Overall, I could go on and on with my plaudits for the University, starting from classes and ending with the brilliant student accommodation. To all prospective students I would say that Westminster is definitely the right choice. International Commercial Law LLM is a course that will be highly beneficial for both my career and a source of happy memories for me.
Graduated from the International Commercial Law LLM in 2011
I chose Westminster as the place to study for my Masters because I liked the curriculum and the broad range of modules to choose from. It's great that Westminster Law School is in central London, and the student halls of residence gave me the opportunity to live in one of the greatest cities in the world. There are extensive funding opportunities, and the scholarship I received was an important part of my overall student experience.
The University and the course definitely lived up to my expectations. The way that lectures and seminars were delivered, the interactive classes, the wealth of social and educational activities, the support for international students, classmates from all over the world, teachers who were very enthusiastic about what they did – all of this made my student days exciting, both in terms of the knowledge I gained and the people I met.
I have so much praise for the lecturers and tutors, they were very supportive, not only with our coursework and exams, but also to discuss our future law career plans. I still keep in touch with some of them and we have met up for coffee.
One of the best things about the course was the executive weekend, held in a beautiful hotel in the English countryside, full of interesting lectures and networking opportunities. I loved the fact that we were engaged in research and using our minds creatively.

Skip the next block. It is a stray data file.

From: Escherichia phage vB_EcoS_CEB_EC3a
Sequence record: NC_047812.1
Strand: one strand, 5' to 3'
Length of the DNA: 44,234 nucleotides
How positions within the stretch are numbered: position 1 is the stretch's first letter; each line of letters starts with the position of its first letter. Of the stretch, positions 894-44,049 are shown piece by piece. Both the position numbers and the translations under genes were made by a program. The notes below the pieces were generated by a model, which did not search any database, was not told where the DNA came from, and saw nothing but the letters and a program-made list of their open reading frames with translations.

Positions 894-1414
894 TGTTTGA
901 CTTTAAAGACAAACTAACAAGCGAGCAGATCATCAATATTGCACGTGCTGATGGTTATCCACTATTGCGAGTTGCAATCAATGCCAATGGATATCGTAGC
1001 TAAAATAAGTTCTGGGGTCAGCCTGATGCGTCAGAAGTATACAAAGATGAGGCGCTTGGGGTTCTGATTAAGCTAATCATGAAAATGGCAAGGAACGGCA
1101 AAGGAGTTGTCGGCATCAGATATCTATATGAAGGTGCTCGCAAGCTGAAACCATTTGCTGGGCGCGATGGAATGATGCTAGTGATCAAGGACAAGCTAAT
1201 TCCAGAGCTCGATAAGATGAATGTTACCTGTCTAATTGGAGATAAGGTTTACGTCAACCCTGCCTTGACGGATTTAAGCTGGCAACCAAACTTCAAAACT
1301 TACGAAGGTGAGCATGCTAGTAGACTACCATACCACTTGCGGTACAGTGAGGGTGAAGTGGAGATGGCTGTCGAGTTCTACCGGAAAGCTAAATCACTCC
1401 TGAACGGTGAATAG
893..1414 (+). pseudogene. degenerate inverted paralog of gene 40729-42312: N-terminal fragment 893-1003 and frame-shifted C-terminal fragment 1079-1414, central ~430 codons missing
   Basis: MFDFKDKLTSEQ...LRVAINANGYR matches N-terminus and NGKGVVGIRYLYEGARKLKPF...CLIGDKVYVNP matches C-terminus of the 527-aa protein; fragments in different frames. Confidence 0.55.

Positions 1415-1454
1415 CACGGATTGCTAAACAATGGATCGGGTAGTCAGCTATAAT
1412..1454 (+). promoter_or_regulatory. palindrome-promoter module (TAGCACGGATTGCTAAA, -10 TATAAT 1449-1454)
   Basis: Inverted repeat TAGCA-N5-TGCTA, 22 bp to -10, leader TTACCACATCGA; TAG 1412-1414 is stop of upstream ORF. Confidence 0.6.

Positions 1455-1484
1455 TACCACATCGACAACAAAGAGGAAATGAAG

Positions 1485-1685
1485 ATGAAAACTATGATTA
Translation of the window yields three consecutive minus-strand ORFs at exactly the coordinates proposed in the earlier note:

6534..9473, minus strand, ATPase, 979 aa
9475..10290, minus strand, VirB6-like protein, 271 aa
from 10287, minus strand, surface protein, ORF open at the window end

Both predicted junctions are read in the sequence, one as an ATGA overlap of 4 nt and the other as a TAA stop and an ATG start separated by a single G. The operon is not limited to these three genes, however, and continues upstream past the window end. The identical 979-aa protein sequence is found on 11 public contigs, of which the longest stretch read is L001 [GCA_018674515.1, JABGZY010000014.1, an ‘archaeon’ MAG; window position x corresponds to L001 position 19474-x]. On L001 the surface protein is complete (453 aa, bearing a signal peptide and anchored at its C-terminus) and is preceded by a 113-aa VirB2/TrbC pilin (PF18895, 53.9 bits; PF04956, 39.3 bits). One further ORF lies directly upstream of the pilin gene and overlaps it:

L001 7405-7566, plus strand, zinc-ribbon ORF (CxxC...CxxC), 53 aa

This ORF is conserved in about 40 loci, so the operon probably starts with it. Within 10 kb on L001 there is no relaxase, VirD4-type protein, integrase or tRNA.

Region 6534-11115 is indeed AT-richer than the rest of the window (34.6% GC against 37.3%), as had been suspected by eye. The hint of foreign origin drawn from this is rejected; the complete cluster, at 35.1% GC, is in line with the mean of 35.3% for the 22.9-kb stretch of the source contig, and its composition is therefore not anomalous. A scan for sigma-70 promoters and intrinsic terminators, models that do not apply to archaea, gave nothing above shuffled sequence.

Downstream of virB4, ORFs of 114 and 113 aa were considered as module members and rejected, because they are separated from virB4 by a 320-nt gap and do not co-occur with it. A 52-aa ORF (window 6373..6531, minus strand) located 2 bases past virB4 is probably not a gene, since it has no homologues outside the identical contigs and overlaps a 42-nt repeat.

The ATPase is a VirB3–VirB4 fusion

The social life at Westminster was great. The Welcome Week organised at the beginning of the course enabled international students to learn everything that they needed to know about their new country. There were numerous events organized by students throughout the year; I attended both a pub-crawl along the Thames and an interesting tax avoidance lecture by prominent speakers, so there was something for everyone!
The best thing about being a Masters student in London is the fact that you get to live in a great cosmopolitan city. There's always something going on and so much to choose from – West End theatres, art cinemas, free museums, year-round festivals, career and sporting events....it's a cultural melting pot in which you can meet people from all over the world and follow your own diverse interests.
Since graduating with my LLM I've been working for a City law firm. The course has made me think more clearly about what I want to do in my future career and it's given me an insight into areas of law I knew nothing about previously. My CV is now much more attractive to potential employers – the staff in the careers office at the University were very helpful, even helping me out with mock interviews when I was preparing for the real ones.
So many possibilities open up for international students on the LLM course at Westminster. What I can say is this: go open minded, make good use of all the support that's on offer, and enjoy your time at Westminster. I wish I could live it all again.
Graduated from the LLM International Commercial Law
What made you choose Westminster?